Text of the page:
Working together to transform lives

Matt Crucefix, Director of Development (South and West) at social housing provider Stonewater, explores the importance of strong partnerships and a commitment to social value in order to support people who are most in need.

Matt Crucefix

In a tough economic climate, where housing providers have to take an increasingly commercial approach to the way they work, it is inspiring to be reminded of the social purpose that drives what we do.

This was powerfully brought home to me when we recently completed an innovative self-build community project which has transformed the lives of armed forces veterans in Herefordshire.

Six veterans worked alongside our local contractor, gaining construction skills, training and experience as they built their own homes.

The Noden’s Mews development, In Leominster, is the first time Stonewater has been involved in such an initiative – and it’s been a fascinating learning curve, not without its challenges but ultimately hugely rewarding.

Working with Herefordshire Council, Alabare and contractor Harper Group Construction, we have built 19 high quality affordable homes on the former site of a 16-flat Stonewater scheme built in the 1970s.

Taking over four years to deliver, collaboration has been key to its success. The project has involved developing strong partnerships with the local planning authority, self-build specialists, armed forces charities and our contractors – as well as winning the local community’s support.

Working with a local and accommodating contractor that understands and cares about the project goals, rather than just completing the project within budget has been pivotal. In fact it has depended on all partners demonstrating commitment to a shared vision, flexibility and willingness to go the extra mile.

This was also evidenced when the council, appreciating the social value it would bring, sold us a neighbouring plot of land to include in the development for a nominal £1.

Overcoming challenges

Many veterans struggle to adapt to civilian life and many suffer from physical and mental health issues, so it was important to provide the right training and support to keep the self-build participants engaged and focused.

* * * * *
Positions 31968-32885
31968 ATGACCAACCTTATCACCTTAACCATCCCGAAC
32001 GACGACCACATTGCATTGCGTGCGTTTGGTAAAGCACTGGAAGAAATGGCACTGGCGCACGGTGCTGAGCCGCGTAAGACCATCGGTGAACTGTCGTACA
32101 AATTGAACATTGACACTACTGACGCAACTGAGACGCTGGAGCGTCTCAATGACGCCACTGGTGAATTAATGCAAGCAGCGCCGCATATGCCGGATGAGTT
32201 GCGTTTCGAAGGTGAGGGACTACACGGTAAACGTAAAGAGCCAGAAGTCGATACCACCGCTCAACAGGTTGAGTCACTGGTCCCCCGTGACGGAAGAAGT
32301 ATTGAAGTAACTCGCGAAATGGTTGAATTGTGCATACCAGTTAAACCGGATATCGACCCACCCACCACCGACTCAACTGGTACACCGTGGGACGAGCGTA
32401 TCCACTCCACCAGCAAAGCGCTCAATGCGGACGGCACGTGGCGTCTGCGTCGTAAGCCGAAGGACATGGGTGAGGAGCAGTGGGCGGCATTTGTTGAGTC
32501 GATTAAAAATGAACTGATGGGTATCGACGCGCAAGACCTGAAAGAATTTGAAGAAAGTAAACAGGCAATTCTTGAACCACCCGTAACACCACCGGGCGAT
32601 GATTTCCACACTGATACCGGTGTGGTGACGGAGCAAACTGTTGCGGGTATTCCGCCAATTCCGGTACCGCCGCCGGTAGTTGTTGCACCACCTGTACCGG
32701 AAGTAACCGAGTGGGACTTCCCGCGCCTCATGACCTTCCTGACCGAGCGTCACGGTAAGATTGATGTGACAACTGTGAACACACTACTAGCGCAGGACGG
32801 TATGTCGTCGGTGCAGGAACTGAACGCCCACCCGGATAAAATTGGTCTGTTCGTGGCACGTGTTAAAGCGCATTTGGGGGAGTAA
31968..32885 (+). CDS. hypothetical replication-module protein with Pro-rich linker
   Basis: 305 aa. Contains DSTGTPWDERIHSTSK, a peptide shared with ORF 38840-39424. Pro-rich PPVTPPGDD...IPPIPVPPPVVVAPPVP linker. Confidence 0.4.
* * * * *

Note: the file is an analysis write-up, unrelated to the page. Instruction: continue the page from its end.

Having begun construction in September 2019, we aimed for completion within a year. Then Covid-19 struck, with the challenges that brought for the building sector. But, again, by working flexibly and proactively with our partners, it only pushed back completion a few months – with residents moving into their new homes in time for Christmas.

It’s been a rollercoaster journey for us all, but this scheme’s far-reaching positive impact has been truly heart-warming.

Six veterans previously without appropriate, secure accommodation now have comfortable, lifetime homes. They have also made friends, become part of the local community and equipped themselves with valuable skills and qualifications to help them find long-term employment.

Being involved in this scheme has helped them get back on their feet, re-connect with their families, boosted their sense of self-worth and opened up opportunities for a fulfilling future.

One of the veterans described the project as ‘fantastic’. Last year he was sleeping rough, struggling with his health and had lost all hope.

Now, he is looking forward to celebrating Christmas in his new home with his children and has high hopes that his new-found skills will result in a job that will allow him to support himself and his family.

To me, his story goes to the heart of what social housing providers are all about – building homes, creating communities and supporting people to re-build their lives. While such a scheme may not net huge financial rewards for the development partners, its social value is huge.

My hope is that this kind of project – and the positive outcomes it has achieved – will spur on other housing providers to seek out such innovative partnerships and embrace similar life-changing opportunities.